由 Lisa Chamoff
, Contributing Reporter | October 12, 2020
From the October 2020 issue of HealthCare Business News magazine
Previously, ambulances were equipped with the company’s CereTom scanner. The OmniTom provides better image quality and faster scan time, according to Webster.
In the last 24 months, Planmed has introduced an ultra-low dose imaging capability for the Planmed Verity, a versatile cone beam CT (CBCT) imaging system that can be used in both weight-bearing and non-weight-bearing mode for point-of-care extremity imaging, that was released in 2012.
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The technology maintains the resolution but cuts the patient dose by more than 75% as compared to the standard dose, said Steve O’Neil, North American sales manager for Planmed.
In mid-2019, the company released a new feature called CALM, a reconstruction algorithm that recognizes and corrects for minor patient movement during a scan.
Both features, the ultra-low dose imaging capability and CALM, are available as software upgrades for the company’s installed base of scanners.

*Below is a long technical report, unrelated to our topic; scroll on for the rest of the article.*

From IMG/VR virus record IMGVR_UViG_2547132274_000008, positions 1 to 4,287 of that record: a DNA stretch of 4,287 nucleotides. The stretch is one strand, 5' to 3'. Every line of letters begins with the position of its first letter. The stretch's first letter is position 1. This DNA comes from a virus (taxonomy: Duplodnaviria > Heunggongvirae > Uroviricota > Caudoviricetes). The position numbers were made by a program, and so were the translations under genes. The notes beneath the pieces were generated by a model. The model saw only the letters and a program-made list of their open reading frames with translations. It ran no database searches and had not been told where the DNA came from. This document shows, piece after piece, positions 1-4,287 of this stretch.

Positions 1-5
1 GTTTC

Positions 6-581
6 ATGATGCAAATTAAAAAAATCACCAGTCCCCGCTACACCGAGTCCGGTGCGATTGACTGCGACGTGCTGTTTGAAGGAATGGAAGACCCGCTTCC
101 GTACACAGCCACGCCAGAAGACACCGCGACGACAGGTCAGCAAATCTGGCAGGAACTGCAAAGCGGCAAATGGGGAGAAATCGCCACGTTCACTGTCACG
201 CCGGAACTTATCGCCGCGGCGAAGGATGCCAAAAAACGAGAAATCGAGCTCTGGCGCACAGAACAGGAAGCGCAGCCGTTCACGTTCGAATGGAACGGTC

Later this year, Planmed will be releasing two upgrades to the Verity platform, including an extended field of view to expand from 16 to 20 centimeters an automated stitching capability to combine up to three scans to achieve a much larger scan area than is possible with a single scan.
The company also recently signed a global distribution contract for an automated 3D analysis and treatment planning software for foot and ankle surgery from a company called Disior. The software can be used with the Verity as well as any other CBCT scanner.
Siemens Healthineers SOMATOM On.site
Recently, Siemens Healthineers responded to the coronavirus pandemic by releasing its new CT Pulmonary Density AI algorithms. This workflow automation tool, which helps characterize and quantify abnormalities in the lungs of patients exhibiting COVID-19 symptoms, is part of the company’s AI-Rad Companion Chest CT software assistant.
The algorithms can be used to assess the severity and progression of COVID-19 by automatically identifying and quantifying abnormal patterns in the lungs said Peter Shen, vice president of Innovation and Digital Business at Siemens Healthineers.